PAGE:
reversion

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Reversion

Any future interest kept by a person who transfers property to another.

A reversion occurs when a property owner makes an effective transfer of property to another but retains some future right to the property. For example, if Sara transfers a piece of property to Shane for life, Shane has the use of the property for the rest of his life. Upon his death, the property reverts, or goes back, to Sara, or if Sara has died, it goes to her heirs. Shane's interest in the property, in this example, is a life estate. Sara's ownership interest during Shane's life, and her right or the right of her heirs to take back the property upon Shane's death, are called reversionary interests.

A reversion differs from a remainder because a reversion arises through the operation of law rather than by act of the parties. A remainder is a future interest that is created in some person other than the grantor or transferor, whereas a reversion creates a future interest in the grantor or his or her heirs. If Sara's transfer had been "to Shane for life, then to Lily," Lily's interest would be a remainder.

Cross-references

Estate.

reversion

n. in real property, the return to the grantor or his/her heirs of real property after all interests in the property given to others has terminated. Examples: George Generous deeded property to the local hospital district for "use for health facilities only," and the hospital is eventually torn down and the property is now vacant. The property reverts to George's descendants; George wills the property to his sister's children only, who later died without children. When the last grandchild dies the property reverts to George's descendants. Reversion is also called "reverter." (See: reverter)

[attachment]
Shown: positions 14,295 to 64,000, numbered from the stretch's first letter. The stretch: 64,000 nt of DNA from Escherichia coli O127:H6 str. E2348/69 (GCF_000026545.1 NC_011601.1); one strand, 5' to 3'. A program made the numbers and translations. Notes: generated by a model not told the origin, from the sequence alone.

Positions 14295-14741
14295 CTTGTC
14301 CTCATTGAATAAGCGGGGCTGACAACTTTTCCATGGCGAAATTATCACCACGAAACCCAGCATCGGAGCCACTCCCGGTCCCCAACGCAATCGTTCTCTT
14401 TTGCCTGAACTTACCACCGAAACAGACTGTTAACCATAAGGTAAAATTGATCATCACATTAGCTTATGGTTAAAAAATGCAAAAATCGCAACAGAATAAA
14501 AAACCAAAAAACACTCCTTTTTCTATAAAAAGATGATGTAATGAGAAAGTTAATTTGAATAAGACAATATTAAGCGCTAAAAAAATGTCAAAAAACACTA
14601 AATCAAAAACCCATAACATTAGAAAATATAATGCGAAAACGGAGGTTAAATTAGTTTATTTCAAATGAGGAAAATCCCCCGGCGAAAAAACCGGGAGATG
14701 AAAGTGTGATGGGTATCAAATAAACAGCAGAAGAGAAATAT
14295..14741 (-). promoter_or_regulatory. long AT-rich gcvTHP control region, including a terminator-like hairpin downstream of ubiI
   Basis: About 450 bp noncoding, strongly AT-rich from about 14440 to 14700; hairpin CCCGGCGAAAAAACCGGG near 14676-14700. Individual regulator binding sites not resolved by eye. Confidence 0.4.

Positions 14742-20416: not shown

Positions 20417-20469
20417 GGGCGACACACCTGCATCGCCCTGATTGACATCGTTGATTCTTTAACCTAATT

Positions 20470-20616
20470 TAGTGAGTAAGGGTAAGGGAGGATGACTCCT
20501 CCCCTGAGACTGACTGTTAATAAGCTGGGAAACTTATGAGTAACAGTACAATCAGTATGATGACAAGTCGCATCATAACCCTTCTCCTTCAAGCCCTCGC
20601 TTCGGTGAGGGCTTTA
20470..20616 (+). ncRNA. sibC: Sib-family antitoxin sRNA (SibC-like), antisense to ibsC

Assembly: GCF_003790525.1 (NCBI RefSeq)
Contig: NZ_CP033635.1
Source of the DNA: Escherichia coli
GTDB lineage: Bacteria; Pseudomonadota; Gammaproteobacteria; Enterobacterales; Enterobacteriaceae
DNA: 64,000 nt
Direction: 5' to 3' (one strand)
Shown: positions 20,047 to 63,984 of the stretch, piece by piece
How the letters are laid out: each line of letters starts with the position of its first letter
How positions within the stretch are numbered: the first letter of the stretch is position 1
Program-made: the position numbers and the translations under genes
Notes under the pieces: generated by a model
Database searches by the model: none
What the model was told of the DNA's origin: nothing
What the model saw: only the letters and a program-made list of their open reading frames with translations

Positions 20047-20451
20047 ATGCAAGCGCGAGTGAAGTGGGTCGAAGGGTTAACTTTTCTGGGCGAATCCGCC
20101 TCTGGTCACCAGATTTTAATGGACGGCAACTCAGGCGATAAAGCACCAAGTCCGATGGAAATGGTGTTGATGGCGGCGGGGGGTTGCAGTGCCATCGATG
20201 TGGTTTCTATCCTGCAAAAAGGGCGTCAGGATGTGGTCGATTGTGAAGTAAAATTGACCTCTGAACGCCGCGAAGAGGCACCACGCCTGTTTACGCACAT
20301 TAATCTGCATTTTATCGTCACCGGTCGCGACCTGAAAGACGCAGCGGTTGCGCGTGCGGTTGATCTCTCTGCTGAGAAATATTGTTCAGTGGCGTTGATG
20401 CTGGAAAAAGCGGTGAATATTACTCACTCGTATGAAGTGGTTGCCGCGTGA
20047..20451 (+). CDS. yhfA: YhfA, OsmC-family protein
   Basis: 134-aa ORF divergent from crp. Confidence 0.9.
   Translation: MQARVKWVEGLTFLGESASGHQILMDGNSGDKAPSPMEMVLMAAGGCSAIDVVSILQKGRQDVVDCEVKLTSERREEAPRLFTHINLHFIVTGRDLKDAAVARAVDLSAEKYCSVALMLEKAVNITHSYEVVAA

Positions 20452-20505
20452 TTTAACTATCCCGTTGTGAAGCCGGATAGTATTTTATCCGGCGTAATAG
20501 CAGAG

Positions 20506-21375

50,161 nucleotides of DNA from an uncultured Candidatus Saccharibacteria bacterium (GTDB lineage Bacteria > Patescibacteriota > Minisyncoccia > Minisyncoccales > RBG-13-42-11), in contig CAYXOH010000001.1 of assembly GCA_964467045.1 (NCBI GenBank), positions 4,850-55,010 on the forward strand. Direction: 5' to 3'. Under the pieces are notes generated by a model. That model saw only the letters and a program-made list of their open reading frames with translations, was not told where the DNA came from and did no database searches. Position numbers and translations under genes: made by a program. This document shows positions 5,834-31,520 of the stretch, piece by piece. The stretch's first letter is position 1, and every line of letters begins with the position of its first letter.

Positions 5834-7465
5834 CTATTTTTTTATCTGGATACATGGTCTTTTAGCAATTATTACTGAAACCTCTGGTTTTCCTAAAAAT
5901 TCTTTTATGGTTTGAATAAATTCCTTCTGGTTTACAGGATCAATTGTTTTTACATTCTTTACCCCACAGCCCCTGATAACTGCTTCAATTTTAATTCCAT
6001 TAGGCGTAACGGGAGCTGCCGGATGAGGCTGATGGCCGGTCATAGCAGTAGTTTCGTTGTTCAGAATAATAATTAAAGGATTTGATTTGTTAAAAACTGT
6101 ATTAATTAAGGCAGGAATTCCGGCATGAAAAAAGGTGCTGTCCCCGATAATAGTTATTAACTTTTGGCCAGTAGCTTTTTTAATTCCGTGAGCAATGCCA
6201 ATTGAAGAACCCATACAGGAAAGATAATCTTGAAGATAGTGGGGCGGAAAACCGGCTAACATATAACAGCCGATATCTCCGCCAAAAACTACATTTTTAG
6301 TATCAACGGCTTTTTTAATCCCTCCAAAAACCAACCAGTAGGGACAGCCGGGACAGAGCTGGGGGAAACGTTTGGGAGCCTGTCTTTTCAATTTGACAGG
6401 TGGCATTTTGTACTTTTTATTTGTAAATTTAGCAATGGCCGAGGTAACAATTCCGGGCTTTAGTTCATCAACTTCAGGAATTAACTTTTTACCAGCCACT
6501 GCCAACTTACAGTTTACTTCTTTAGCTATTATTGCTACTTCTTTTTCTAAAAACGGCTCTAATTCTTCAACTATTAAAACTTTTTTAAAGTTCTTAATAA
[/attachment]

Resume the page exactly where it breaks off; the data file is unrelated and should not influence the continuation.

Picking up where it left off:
reversion

(Act of returning), noun about-face, recidivism, regress, regression, relapse, retroaction, retrocession, retrogradation, retrogression, retroversion, return, reversal, reverse, reverting, throwback, turnabout, turnaround

reversion

(Remainder of an estate), noun future innerest, future possession, hereditas, remainder over, residue, right of future enjoyment, right of future possession, right of succession
Associated concepts: equitable reversion, life estate, partial reversion, reversionary interest, right of reversion
See also: continuation, decline, defeasance, devolution, expiration, heritage, lapse, nollo prosequi, recidivism, reconversion, recovery, recrudescence, relapse, remainder, restitution, resumption, resurgence, reversal

reversion

an interest in an estate that reverts to the grantor or his heirs at the end of a period, such as at the end of the life of a grantee; or an estate so reverting.

REVERSION, estates. The residue of an estate left in the grantor, to commence in possession after the determination of some particular estate granted out by him; it is also defined to be the return of land to the grantor, and his heirs, after the grant is over. Co. Litt. 142, b.